Note that Putin's tacit nod came wrapped in a larger, more complex answer. While Putin likes "light, fast, and efficient" electric cars, "especially the modern ones," he added, "We are open, we buy and sell — we buy everything that is useful for us, and sell everything that is profitable. Therefore, there is nothing special about it." After justifying the Tesla for commercial reasons, however, he offered his opinion on a better way to reduce emissions: "Electric cars] are very good for cities because we don't need emissions in places where lots of people live. But I think that [a] natural gas vehicle fuel is more eco-friendly at the moment." Putin could have been speaking from genuine concern about using coal-fired power plants to produce electricity. Or he could have been talking up how his country would do things, Russia being the world's second-largest producer of natural gas.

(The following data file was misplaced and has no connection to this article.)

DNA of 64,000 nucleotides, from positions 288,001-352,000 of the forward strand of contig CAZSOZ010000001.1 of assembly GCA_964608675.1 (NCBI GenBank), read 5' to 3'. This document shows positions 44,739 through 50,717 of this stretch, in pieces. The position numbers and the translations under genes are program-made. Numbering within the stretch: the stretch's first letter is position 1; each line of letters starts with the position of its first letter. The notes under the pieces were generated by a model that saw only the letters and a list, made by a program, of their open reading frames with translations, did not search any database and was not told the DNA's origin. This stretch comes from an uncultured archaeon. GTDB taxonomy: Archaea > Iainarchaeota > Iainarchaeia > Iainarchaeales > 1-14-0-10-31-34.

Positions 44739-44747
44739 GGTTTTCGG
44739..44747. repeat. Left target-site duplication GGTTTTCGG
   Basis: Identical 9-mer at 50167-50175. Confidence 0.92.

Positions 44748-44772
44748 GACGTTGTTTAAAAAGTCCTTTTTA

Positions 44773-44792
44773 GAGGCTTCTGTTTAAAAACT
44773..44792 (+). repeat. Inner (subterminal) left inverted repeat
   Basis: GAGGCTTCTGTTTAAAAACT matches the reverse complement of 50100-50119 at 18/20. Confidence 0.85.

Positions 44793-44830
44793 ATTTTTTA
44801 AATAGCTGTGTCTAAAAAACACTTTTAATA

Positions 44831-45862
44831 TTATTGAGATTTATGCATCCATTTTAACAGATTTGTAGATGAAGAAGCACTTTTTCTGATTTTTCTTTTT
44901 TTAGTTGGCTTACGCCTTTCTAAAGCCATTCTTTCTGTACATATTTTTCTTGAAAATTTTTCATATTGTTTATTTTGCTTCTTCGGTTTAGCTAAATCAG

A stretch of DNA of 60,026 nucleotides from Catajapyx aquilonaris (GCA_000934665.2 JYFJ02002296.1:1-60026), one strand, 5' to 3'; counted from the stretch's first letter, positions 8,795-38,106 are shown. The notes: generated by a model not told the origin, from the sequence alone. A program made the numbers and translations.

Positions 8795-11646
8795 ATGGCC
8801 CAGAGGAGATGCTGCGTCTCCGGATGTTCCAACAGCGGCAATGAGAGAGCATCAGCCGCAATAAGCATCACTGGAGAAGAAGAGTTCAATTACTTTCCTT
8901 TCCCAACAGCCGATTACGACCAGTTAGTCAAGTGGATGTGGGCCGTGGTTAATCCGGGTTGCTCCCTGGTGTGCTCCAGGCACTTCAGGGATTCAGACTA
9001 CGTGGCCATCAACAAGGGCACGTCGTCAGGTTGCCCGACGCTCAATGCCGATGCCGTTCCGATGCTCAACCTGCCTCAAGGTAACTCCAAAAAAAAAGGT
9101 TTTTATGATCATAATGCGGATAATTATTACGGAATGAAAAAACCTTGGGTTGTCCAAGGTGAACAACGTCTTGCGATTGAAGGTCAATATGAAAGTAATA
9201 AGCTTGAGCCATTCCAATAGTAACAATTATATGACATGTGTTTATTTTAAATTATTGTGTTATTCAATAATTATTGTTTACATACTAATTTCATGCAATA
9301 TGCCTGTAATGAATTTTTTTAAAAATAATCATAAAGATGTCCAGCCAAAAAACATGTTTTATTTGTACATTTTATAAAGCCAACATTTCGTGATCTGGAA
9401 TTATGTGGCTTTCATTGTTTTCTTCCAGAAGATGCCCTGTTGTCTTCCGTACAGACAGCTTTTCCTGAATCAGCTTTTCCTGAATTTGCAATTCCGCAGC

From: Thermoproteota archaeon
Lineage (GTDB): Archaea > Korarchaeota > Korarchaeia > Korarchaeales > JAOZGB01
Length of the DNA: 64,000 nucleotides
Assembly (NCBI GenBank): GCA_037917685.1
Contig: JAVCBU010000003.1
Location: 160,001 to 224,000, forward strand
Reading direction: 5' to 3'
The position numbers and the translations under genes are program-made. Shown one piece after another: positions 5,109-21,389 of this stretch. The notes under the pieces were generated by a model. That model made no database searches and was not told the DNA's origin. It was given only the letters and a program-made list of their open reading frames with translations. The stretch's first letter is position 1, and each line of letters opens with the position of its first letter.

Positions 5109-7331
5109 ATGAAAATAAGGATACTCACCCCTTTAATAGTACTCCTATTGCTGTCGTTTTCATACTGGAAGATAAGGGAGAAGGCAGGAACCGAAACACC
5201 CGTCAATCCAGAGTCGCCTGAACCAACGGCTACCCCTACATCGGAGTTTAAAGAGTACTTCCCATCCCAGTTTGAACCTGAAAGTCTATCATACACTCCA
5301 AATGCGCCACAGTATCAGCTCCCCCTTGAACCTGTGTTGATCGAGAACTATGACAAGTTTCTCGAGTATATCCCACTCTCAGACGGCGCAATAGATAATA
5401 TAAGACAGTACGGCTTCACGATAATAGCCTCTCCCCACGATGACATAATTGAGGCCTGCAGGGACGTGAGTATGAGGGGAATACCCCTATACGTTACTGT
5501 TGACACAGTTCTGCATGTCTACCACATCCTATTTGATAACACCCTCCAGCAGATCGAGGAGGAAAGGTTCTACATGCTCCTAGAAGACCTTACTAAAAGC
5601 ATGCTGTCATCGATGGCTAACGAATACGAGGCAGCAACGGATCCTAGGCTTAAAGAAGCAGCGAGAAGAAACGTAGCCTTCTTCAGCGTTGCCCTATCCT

No matter — the shades of gray don't matter more than "Why not?" Those approving two words will serve Tesla, the automaker eyeing an imminent move to establish official Russian operations. Those words will also gratify the estimated 300 Tesla owners in Russia who have spent fantastic sums to import Teslas with reduced functionality, and banded together to found an unofficial service center while they wait for the arrival of the mothership.